comScore San Diego Comic-Con Institutes A Wristband System For Hall H | The Mary Sue

San Diego Comic-Con Institutes A Wristband System For Hall H Which Doesn’t Really Help Anyone

Do you hear the people sing? Singing the song of angry attendees?

SDCCHallHJillPantozzi“Oh good,” you think to yourself, “San Diego Comic-Con has finally wised up and thought of a new way to handle Hall H.” But you’d be wrong.

I really was genuinely excited when I heard Comic-Con was instituting a wristband system. It sounded like just what the doctor ordered. For years, myself and countless others, have discussed different ways to deal with the crowd looking to get into the largest panel room at the convention. My personal suggestion has always been to sell tickets JUST for Hall H. Many con goers wouldn’t step foot in the massive room which almost exclusively features the big Hollywood films and television shows being promoted, but for those who do, it would be nice to know you have a reserved seat.

Normally, entrance to Hall H is only on a first come basis which has led attendees to camp out overnight  (or longer) for the last few years. The issue with Hall H, like other panel rooms at Comic-Con, is the room does not empty after each panel. Attendees looking to see the Marvel Entertainment panel at the end of one day must camp out for hours and sit through every other panel which came before it first. So, Comic-Con is starting “Toucan Trackers” in the hopes of alleviating wait times.

Here’s the official rundown from the Comic-Con site:

Wristbands will be distributed for Hall H ONLY. These wristbands are not guaranteed entry passes. They will be used to gauge the length of the line for Hall H.

You must have a badge or badge barcode to be in line.

Wristband distribution will begin in Plaza Park as people get in line but will stop at approximately 1:00 AM, resuming again at 5:00 AM at the spot where the last wristband was given out.

You will need to have a wristband in order to enter Hall H for the first panel of the day only. If people with wristbands leave the line for the first panel of the day and more seating becomes available, the room will be filled with the first people in line who do not have wristbands.

These are not meant to be entry passes, but a marker for attendees in line. As always for Comic-Con International lines, if you need to leave the line for any reason, be sure a member of your group remains in line or you will lose your place in line.

Wristbands cannot be sold, saved, or traded.

After the first panel of the day loads, the wristbands will not be used and the line will proceed as normal.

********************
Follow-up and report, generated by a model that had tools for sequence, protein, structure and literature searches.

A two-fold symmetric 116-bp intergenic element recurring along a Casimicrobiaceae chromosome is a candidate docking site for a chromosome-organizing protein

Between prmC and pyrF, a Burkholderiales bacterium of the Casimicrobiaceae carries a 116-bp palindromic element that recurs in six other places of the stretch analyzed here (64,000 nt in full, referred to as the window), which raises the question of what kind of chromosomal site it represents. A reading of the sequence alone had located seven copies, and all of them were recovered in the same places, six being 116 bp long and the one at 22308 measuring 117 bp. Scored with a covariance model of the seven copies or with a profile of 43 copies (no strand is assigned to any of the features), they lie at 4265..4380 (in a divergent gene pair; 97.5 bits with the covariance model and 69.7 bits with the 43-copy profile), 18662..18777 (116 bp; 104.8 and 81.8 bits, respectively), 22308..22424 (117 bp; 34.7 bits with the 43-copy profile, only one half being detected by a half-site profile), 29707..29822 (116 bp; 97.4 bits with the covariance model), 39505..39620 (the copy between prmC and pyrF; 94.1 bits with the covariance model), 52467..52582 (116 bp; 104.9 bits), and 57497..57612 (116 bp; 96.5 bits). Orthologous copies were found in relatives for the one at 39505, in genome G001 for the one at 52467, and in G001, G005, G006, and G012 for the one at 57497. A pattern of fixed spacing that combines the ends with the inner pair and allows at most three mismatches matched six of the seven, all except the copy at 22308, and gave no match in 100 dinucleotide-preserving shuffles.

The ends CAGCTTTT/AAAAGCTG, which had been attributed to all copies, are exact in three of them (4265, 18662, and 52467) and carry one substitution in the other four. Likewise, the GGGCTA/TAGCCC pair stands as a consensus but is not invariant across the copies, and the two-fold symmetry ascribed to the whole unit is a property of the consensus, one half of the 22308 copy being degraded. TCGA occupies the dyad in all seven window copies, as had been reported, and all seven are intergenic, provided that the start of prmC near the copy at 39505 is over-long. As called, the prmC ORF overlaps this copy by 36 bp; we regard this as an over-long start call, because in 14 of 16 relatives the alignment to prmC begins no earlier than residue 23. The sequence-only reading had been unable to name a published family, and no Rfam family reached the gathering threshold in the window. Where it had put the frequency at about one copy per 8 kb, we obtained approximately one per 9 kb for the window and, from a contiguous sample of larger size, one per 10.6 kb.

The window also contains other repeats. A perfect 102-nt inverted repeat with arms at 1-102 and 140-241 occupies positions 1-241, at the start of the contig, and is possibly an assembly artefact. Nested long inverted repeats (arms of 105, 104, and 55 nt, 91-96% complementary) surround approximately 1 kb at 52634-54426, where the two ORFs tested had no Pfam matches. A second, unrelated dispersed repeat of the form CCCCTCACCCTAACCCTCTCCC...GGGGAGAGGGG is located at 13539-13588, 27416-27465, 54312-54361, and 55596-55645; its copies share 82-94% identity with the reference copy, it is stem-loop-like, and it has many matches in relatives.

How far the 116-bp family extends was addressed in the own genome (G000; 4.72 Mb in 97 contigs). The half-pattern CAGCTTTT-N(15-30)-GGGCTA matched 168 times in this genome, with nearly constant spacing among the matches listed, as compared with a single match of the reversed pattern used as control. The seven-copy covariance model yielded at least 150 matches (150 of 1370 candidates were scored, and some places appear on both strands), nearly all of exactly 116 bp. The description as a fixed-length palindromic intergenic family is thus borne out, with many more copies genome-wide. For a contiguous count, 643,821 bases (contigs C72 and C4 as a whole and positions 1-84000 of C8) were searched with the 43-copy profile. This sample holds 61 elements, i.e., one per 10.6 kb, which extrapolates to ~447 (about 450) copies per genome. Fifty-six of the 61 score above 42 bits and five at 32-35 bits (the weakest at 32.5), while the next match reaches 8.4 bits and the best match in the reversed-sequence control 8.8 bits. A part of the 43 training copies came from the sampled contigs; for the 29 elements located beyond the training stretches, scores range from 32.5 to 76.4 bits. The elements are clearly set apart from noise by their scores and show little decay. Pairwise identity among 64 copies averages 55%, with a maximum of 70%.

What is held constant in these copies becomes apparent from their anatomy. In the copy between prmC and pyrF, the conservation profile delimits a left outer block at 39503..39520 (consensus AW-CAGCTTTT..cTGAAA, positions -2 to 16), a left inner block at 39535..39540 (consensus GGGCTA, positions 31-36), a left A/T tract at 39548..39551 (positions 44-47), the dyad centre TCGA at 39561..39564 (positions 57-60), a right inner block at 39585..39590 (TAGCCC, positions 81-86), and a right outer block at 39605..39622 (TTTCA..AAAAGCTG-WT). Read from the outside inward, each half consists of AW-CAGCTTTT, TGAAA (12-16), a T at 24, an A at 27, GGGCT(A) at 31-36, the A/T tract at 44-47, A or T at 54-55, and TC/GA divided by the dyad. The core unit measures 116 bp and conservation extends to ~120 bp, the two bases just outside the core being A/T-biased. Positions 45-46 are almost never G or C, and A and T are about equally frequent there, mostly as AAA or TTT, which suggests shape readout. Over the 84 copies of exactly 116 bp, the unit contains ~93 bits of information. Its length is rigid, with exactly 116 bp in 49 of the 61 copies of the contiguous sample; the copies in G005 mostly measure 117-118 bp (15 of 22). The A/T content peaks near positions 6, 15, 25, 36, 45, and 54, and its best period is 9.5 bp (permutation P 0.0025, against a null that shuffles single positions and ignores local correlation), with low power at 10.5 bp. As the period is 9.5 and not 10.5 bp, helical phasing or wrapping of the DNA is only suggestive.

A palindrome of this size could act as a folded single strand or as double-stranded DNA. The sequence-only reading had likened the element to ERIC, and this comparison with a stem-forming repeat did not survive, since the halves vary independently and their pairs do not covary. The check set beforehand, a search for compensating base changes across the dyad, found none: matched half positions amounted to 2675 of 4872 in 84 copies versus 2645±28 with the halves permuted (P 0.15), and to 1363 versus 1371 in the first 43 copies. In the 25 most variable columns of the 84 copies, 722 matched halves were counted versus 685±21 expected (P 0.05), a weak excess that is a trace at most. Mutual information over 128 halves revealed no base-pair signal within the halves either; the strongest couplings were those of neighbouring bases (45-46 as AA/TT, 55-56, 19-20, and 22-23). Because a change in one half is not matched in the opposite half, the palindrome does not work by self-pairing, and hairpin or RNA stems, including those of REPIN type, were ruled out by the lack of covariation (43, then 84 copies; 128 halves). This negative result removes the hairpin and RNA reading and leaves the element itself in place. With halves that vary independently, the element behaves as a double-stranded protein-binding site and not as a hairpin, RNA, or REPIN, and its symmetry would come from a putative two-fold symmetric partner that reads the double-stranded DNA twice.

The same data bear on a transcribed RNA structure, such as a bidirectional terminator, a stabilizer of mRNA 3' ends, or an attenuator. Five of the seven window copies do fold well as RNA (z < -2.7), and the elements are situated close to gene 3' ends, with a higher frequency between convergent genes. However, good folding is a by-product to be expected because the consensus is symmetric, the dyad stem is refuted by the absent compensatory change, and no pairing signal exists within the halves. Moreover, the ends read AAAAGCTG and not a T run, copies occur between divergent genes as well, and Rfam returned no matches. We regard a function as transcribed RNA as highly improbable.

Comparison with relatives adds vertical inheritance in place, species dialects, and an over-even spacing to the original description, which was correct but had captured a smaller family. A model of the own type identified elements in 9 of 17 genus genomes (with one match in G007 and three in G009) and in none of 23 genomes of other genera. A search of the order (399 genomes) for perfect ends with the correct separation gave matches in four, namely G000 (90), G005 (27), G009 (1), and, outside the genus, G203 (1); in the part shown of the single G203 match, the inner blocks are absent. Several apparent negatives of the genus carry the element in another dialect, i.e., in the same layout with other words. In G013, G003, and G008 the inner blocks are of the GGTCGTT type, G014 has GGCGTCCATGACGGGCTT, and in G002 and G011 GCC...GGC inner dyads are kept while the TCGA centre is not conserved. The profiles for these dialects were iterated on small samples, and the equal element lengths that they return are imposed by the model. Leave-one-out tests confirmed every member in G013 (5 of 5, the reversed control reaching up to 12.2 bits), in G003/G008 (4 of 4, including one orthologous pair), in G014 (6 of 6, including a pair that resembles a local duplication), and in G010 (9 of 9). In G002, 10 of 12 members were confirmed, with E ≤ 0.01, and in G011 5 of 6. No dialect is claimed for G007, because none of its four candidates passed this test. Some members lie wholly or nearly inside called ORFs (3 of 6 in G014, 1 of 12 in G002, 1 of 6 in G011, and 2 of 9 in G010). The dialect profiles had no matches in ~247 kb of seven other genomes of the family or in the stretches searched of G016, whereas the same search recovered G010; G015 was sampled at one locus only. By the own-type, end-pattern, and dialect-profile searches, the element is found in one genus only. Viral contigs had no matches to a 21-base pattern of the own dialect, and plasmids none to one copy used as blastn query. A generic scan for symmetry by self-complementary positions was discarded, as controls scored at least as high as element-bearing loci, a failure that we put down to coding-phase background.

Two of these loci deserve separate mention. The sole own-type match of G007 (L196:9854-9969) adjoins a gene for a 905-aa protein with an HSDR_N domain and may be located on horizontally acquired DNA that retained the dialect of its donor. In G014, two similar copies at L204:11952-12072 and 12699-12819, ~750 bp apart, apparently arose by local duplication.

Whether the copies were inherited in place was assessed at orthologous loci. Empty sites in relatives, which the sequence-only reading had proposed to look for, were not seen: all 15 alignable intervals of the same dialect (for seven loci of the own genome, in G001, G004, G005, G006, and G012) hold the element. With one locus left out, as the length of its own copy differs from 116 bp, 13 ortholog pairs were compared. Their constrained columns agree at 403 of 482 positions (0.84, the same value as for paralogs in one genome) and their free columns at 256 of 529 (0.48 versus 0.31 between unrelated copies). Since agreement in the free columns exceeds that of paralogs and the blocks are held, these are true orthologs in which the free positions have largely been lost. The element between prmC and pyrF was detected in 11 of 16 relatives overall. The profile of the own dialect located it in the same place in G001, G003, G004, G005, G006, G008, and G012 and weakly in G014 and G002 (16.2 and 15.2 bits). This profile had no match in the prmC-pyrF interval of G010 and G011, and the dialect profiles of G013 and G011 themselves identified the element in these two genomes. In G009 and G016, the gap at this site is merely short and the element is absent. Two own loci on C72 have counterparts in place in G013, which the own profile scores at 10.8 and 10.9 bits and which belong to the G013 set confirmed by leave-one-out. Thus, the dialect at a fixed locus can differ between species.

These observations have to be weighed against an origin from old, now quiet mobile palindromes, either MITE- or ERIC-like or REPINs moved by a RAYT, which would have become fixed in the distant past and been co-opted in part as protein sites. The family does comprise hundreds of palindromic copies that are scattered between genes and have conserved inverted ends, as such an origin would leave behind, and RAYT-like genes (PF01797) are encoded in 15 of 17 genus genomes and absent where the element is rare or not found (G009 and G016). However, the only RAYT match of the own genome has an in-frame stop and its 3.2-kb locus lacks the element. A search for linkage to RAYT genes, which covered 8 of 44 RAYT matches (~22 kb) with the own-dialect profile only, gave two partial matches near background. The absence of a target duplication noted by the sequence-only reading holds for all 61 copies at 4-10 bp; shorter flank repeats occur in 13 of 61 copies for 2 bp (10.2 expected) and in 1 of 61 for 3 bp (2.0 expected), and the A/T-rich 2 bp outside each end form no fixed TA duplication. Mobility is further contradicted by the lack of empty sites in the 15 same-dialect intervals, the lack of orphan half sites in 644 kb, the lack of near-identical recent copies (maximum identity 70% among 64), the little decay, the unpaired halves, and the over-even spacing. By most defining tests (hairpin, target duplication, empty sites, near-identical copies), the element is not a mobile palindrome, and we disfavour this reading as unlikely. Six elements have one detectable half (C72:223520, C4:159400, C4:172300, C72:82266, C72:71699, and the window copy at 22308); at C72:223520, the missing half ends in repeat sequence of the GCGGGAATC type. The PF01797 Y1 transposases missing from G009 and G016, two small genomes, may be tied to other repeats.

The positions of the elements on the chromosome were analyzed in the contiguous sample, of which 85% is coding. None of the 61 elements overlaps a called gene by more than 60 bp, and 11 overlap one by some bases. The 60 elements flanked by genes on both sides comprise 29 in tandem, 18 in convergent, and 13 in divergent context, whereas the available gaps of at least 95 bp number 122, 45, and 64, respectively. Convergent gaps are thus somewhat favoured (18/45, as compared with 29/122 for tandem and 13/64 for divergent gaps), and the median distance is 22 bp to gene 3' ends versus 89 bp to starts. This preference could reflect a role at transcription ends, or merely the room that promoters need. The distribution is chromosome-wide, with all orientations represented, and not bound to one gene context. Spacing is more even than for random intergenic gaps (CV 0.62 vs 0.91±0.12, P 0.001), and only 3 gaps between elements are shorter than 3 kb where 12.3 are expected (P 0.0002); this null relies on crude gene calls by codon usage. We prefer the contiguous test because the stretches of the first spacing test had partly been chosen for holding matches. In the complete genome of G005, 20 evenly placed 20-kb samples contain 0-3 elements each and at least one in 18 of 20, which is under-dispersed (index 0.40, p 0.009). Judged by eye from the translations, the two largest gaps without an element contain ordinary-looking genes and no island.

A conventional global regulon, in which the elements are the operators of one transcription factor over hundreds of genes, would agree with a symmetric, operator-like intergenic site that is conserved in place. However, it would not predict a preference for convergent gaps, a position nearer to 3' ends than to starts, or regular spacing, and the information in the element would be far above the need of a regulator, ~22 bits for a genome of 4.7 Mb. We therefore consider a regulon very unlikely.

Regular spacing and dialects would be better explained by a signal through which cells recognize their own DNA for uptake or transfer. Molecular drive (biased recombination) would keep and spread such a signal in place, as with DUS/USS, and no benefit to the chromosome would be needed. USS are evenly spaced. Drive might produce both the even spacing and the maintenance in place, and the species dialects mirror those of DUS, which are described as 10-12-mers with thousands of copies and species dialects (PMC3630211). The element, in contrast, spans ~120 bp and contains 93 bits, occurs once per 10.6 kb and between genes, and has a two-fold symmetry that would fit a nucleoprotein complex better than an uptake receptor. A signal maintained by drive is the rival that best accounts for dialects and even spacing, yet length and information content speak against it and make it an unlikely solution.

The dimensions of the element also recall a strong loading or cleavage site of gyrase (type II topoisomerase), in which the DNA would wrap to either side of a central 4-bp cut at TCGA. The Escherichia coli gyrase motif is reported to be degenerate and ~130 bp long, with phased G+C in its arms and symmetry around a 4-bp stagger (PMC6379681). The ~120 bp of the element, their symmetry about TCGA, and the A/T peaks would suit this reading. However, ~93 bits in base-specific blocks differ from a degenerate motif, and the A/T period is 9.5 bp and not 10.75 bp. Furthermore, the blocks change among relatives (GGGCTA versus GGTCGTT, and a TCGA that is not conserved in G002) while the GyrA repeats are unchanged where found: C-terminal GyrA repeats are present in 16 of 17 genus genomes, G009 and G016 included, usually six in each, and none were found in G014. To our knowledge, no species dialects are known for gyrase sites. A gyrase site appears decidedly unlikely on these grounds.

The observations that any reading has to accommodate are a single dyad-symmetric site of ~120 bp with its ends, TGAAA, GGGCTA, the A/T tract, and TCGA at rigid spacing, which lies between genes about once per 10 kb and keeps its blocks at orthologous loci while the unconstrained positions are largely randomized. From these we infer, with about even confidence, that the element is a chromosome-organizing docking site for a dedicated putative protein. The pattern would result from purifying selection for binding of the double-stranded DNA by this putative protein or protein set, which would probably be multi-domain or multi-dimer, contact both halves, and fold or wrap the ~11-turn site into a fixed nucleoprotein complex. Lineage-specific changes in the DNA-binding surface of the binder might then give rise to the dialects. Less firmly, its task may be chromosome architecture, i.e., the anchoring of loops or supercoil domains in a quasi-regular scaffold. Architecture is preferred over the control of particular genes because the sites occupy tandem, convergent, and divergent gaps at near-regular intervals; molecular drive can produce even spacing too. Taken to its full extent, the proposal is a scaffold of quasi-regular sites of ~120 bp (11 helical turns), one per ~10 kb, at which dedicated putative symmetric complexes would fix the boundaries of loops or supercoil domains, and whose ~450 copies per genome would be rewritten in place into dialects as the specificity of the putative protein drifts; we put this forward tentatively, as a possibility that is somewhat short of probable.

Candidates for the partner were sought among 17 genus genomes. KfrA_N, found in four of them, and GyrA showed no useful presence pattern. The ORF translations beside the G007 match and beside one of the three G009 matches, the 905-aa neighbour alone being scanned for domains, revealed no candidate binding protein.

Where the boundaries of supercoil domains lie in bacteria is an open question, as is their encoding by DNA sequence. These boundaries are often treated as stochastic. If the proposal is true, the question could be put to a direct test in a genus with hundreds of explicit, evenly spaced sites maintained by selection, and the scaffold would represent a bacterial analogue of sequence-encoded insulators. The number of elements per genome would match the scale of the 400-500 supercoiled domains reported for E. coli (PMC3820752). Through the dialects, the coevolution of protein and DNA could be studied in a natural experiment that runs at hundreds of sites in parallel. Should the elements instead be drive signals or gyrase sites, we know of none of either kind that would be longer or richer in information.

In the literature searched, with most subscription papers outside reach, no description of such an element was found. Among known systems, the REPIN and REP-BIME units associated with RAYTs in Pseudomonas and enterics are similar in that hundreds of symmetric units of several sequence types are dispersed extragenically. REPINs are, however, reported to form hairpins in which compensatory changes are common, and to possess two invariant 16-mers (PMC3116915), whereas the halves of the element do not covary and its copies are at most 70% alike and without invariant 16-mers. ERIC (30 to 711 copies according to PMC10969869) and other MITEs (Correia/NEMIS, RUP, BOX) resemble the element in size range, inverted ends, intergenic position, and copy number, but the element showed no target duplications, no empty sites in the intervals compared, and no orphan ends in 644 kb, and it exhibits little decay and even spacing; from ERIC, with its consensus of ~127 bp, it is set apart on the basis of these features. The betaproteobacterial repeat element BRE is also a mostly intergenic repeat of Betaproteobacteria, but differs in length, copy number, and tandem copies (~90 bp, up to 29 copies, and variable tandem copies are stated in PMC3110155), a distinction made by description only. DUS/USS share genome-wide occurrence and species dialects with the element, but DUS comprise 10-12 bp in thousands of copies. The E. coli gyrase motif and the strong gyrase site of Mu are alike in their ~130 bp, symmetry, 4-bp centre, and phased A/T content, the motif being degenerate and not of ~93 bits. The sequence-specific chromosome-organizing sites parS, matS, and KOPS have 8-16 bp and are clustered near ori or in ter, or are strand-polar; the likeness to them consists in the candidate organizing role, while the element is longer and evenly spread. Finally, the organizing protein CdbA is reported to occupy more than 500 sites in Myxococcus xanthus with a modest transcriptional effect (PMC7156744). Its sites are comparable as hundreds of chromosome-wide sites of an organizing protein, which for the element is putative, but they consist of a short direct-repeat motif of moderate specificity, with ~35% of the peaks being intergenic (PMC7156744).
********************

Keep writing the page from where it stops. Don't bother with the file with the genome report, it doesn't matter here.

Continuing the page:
The wristbands will be in four colors, each color denoting a section of the line. The first quarter of the room capacity will receive a certain color, the next quarter another color, and so on.

So you get a wristband but it doesn’t guarantee anything and you can’t even use it to leave the line and come back? Pretty much the normal reasons for wristband usage. Well then.

They explain a bit more: “By using these Toucan Tracker wristbands, we hope to alert people to the possibility of getting into Hall H for the rest of the day. We will accomplish this by using the data collected to place color-coded markers along the line route, noting approximately what percentage of the room would have to clear in order for those remaining in line to enter. Although we can never guarantee entry, this hopefully will help people determine if they want to continue to wait in line or go do something else.”

I’m not the only one who thinks this is a colossal waste of effort right? Even after all the complicated explanations they still toe the line: “If I have a wristband and stay in line, I’m getting in, right? Pending any unforeseen circumstances, you should get into the room. However entry is not guaranteed.”

I can’t help but feel these bands are more to help con staff than attendees but what’s your opinion?

(via Collider, image by Jill Pantozzi)

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Jill Pantozzi is a pop-culture journalist and host who writes about all things nerdy and beyond! She’s Editor in Chief of the geek girl culture site The Mary Sue (Abrams Media Network), and hosts her own blog “Has Boobs, Reads Comics” (TheNerdyBird.com). She co-hosts the Crazy Sexy Geeks podcast along with superhero historian Alan Kistler, contributed to a book of essays titled “Chicks Read Comics,” (Mad Norwegian Press) and had her first comic book story in the IDW anthology, “Womanthology.” In 2012, she was featured on National Geographic’s "Comic Store Heroes," a documentary on the lives of comic book fans and the following year she was one of many Batman fans profiled in the documentary, "Legends of the Knight."